A short ferry ride from Cape Cod, Martha's Vineyard is a special kind of island. Dotted with charming small towns like Edgartown, Vineyard Haven, and Aquinnah, the island is famous for its gourmet farm-to-table cuisine, natural beauty, and beach culture. It's a great weekend getaway for relaxing and chilling by the sea. And for those days when just reading a paperback on the beach makes you antsy, you'll never want for more active things to do in Martha's Vineyard.
A small fishing village within the town of Chilmark, Menemsha is best known as the principal location for Steven Spielberg's iconic film Jaws. Movie buffs can soak up the atmosphere while re-living scenes of the shark thriller. Everyone else can chow down on fresh-caught seafood at a choice of wharf-side restaurants. As you head out of town, be sure to climb the bluffs at Menemsha Hills for spectacular views across Vineyard Sound. The area is part of a protected nature reserve most suitable for sunset picnics.
Vineyard Haven is home to the oldest working cinema in Massachusetts. The Capawock Theater was built in 1913 and restored extensively in 2015. The cinema regularly runs limited arthouse films and rep classics programmed by the Martha Vineyard's Film Society. Every summer they host a week-long, Jaws-inspired shark-themed film festival as well as weekly screenings of the Spielberg classic.
The Flying Horses Carousel in the town of Oak Bluffs is the oldest working merry-go-round in the US. It became an attraction at Coney Island in 1876 but moved to its current position in 1884, where it has been delighting visitors and hosting children's birthday parties ever since. The workmanship on the painted horses and the carousel's historic hand-painted background panels make them a fine frame for your Instagram photos.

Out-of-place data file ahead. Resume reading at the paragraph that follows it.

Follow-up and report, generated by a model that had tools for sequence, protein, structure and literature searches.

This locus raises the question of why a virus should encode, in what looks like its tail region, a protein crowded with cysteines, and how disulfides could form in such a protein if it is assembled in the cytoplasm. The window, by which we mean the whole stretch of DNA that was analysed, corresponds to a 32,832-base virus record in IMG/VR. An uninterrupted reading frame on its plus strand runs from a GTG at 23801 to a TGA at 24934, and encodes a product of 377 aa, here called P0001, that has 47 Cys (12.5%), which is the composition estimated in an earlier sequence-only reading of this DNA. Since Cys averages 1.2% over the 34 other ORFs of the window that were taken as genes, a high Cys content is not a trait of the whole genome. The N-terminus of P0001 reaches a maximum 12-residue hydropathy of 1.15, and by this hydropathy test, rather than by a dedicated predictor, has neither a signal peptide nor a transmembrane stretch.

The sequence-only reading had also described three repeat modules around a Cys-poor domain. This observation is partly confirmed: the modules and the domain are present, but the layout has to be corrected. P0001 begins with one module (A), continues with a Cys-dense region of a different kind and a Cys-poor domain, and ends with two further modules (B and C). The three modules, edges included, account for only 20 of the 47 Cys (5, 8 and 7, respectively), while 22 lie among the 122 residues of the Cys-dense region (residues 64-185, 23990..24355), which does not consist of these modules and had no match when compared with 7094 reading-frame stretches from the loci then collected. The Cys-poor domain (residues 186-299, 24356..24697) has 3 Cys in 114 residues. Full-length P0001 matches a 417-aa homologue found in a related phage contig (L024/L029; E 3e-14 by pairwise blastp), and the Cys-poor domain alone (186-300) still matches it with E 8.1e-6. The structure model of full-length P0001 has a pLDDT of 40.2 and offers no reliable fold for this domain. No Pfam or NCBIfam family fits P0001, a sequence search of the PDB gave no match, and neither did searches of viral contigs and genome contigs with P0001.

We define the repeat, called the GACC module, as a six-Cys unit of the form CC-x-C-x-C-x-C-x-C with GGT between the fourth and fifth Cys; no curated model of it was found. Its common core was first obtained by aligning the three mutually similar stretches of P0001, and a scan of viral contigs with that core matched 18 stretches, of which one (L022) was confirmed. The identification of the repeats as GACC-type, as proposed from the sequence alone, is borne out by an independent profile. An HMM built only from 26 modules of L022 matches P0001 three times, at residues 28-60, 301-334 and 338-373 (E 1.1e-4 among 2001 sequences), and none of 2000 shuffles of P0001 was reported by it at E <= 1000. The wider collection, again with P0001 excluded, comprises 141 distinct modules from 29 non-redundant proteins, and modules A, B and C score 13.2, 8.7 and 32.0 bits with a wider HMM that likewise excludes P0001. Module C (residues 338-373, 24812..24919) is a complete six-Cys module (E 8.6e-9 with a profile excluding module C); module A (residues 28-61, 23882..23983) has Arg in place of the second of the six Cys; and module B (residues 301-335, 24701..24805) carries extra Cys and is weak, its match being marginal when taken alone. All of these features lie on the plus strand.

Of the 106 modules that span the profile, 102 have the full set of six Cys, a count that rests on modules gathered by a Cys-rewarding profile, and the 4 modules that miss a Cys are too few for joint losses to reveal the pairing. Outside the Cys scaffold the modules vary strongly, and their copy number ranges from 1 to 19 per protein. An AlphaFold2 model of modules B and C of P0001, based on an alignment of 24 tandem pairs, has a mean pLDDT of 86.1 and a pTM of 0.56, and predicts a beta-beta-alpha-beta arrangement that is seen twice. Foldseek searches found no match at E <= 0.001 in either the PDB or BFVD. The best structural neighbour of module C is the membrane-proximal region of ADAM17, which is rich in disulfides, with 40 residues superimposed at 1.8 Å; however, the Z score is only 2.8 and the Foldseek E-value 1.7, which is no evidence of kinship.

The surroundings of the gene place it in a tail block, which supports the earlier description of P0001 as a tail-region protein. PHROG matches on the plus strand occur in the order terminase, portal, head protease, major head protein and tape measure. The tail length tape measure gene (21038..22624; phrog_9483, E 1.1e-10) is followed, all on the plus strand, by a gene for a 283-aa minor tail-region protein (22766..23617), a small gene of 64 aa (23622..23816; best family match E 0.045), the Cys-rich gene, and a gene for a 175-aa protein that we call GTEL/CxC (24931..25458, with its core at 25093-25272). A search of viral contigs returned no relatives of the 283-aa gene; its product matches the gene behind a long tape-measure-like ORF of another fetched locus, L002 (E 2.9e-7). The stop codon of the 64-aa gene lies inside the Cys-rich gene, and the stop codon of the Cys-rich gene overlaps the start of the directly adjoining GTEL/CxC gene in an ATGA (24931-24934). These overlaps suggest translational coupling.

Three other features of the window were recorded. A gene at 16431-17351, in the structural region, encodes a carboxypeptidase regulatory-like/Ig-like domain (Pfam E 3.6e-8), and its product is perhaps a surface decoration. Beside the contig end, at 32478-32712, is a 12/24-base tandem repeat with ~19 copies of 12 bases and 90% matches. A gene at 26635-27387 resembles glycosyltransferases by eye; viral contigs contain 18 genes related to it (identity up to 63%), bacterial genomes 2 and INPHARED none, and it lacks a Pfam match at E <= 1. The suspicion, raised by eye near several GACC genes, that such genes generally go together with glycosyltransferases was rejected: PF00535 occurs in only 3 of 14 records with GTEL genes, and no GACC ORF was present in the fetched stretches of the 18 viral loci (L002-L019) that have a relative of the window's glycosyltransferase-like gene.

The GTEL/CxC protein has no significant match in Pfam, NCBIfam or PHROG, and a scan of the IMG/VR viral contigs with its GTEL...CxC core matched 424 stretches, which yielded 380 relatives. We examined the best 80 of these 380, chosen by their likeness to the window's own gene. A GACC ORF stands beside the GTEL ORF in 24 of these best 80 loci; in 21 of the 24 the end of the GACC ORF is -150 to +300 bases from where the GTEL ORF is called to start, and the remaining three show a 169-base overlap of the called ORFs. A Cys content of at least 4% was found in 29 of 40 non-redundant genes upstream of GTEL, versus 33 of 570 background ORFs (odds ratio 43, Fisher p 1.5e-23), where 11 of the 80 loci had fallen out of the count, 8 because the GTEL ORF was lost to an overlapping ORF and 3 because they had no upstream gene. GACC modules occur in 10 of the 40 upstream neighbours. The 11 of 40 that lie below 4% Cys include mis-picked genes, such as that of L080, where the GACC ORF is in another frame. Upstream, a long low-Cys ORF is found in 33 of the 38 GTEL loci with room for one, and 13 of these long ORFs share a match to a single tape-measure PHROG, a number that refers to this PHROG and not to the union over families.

Located on the western tip of the island, the multi-colored cliffs of Aquinnah overlook the ocean and a public beach far below. The elevation creates grand vistas over the water, which is particularly entrancing as the sun goes down. A protected National Historic Landmark, the area is the ancestral home of the Wampanoag first nation. During the summer, check for bike and bus tours leaving from towns on the eastern side of the island.
Many of the towns in Martha's Vineyard are "dry" and have been since Prohibition times. Not Edgartown, which picks up the slack with a vigorous restaurant and bar scene. The town itself is also worth exploring as it features galleries, museums, and some interesting architecture, including the island's oldest home, Vincent House on Main Street.
Notorious for its connection to the ill-starred Kennedy dynasty, Chappaquiddick is a small island that sometimes turns into a peninsula. When there's water the two-minute Chappy Ferry brooks the distance, and periodic low tides allow for biking across the flats from Edgartown. Once there, beaches, pine forests, and enclaves of expensive cottages beg for exploration. Don't miss the exquisitely groomed Mytoi Japanese Garden.